As each of these interactions take place over the course of a year, the results of these talks will all be compiled into a performance summary that will be created at the end of the year. The reason that GE is willing to make this big change is because it is what their employees have been asking for. In the new modern work climate, today’s workers expect more feedback from their managers. At the same time, companies have the right to expect their employees to act quickly on the feedback that is provided to them.

GE is hopeful that by getting rid of their ratings system, they will be able to create a workplace where richer and more meaningful conversations will occur between managers and employees. The hope is that neither party will now get distracted by a label being applied to the worker. The managers at GE are going to have to change now. They will be expected to provide their employees with meaningful feedback on how they have performed in the past and then provide them with specific steps that they need to take in order to improve their situation.

What All Of This Means For You

GE is planning on making some changes in how they evaluate their employees. This is a big deal because so many other firms have based the way that they run their companies on how GE does it. The marketplace is changing and GE believes that these changes are needed. The big question is if the person in the CIO position needs to start to think about making the same sets of changes?

GE has done their annual employee evaluations just like every other company does them. The worker meets with their boss and gets assigned one of five labels that indicate how good their work was over the past year. GE the company is trying to change. Going forward they want to focus on their core industrial business. In order to do this, GE is doing away with the annual performance meeting and replacing it with a series of worker / manager discussions that occur during the year. The thinking is that the manager can give feedback quicker and workers can then change how they work much quicker also.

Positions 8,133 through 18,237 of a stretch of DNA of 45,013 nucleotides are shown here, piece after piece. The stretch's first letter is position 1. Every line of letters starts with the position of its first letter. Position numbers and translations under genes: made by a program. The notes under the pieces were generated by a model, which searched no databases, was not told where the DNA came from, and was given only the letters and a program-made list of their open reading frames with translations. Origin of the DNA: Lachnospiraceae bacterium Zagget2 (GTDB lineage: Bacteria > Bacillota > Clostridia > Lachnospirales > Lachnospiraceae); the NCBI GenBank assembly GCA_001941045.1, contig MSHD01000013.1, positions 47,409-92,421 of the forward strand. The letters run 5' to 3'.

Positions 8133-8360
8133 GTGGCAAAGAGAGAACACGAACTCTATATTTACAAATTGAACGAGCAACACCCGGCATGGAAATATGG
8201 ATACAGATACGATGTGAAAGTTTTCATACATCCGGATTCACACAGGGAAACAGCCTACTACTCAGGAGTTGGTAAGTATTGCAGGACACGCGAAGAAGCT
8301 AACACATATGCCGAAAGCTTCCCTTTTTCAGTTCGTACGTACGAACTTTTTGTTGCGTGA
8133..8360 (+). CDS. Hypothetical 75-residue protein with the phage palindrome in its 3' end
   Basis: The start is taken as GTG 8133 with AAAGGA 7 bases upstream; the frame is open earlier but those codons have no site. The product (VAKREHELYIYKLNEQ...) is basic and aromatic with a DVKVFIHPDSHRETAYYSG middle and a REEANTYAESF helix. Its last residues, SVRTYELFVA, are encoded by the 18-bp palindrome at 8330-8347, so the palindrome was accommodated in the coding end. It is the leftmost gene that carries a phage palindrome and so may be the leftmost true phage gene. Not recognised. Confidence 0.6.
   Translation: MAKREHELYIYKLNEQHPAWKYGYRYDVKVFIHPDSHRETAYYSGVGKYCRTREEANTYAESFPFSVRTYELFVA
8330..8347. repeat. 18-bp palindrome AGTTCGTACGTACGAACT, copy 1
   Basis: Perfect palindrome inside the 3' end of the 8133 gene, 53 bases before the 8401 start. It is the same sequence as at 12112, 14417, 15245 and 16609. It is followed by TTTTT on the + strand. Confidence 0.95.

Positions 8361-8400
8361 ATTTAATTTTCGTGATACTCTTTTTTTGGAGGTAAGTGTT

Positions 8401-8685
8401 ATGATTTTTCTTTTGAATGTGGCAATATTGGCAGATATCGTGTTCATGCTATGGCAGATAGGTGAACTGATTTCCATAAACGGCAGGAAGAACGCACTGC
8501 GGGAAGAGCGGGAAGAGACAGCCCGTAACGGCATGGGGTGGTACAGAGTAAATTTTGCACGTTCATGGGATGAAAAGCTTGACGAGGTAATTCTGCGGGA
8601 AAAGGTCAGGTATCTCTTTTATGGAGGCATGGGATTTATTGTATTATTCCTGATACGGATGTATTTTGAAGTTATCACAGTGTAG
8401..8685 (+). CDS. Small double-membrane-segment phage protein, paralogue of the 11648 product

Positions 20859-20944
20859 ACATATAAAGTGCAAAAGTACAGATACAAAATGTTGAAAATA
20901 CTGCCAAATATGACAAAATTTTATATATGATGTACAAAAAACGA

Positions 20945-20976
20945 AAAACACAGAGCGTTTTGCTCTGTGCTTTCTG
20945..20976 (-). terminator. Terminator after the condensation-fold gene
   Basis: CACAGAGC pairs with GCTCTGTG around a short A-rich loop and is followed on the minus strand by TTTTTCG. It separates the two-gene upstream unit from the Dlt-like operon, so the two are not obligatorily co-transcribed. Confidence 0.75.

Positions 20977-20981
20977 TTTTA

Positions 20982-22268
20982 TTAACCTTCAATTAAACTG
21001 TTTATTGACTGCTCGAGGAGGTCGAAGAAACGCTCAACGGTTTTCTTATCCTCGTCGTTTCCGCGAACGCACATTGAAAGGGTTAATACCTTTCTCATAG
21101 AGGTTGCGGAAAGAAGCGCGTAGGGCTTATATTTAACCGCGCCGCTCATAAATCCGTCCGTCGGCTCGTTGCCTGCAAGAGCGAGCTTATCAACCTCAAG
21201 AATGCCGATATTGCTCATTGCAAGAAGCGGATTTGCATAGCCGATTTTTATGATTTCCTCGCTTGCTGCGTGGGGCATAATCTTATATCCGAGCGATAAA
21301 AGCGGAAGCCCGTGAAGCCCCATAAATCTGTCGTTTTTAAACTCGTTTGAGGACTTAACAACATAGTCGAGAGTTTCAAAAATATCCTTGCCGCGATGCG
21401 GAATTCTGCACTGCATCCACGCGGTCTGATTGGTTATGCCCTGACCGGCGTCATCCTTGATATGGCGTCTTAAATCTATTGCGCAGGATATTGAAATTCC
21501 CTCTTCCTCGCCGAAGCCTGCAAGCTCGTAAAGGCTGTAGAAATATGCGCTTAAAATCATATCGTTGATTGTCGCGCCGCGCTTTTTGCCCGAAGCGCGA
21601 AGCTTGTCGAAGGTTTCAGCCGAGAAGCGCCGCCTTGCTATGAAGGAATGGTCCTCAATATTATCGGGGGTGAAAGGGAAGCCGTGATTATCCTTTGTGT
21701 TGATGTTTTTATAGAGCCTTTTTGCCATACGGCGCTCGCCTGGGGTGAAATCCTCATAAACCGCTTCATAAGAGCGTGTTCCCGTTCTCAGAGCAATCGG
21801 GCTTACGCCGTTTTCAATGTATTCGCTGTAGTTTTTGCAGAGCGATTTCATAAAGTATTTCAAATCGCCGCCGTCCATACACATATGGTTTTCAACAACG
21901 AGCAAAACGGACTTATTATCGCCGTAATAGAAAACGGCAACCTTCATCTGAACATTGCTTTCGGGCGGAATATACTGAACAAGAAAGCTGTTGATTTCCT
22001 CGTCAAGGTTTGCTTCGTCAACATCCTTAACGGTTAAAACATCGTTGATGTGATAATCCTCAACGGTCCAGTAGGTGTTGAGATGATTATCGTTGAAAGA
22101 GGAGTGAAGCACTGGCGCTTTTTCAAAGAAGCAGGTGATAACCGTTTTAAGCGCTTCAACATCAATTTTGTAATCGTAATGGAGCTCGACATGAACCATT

What GE is trying to do sounds like a good idea. One significant problem that they may run into is that they are trying to change a system that has been in place for a very long time. They are going to have to move very carefully and they are going to have to make sure that all questions can be answered during the time of change. If they can do this, then GE should have many more happy employees who no longer have to be worried about being labeled.

– Dr. Jim Anderson
Blue Elephant Consulting –
Your Source For Real World IT Department Leadership Skills™

Question For You: How many times during the year do you think GE managers and workers should have a talk about the employee’s job performance?

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What We’ll Be Talking About Next Time

You would think that by now, with all that has been written about the importance of information technology and the advantages of moving your IT operations into the cloud, the decision to move a company’s applications and storage into the cloud would be a no-brainer for the person with the CIO job. However, we’ve all made potentially decades of costly investments into our so-called “legacy systems” and these guys are both rigid and difficult to scale. Attempting to make any changes to them scares the pants off of us!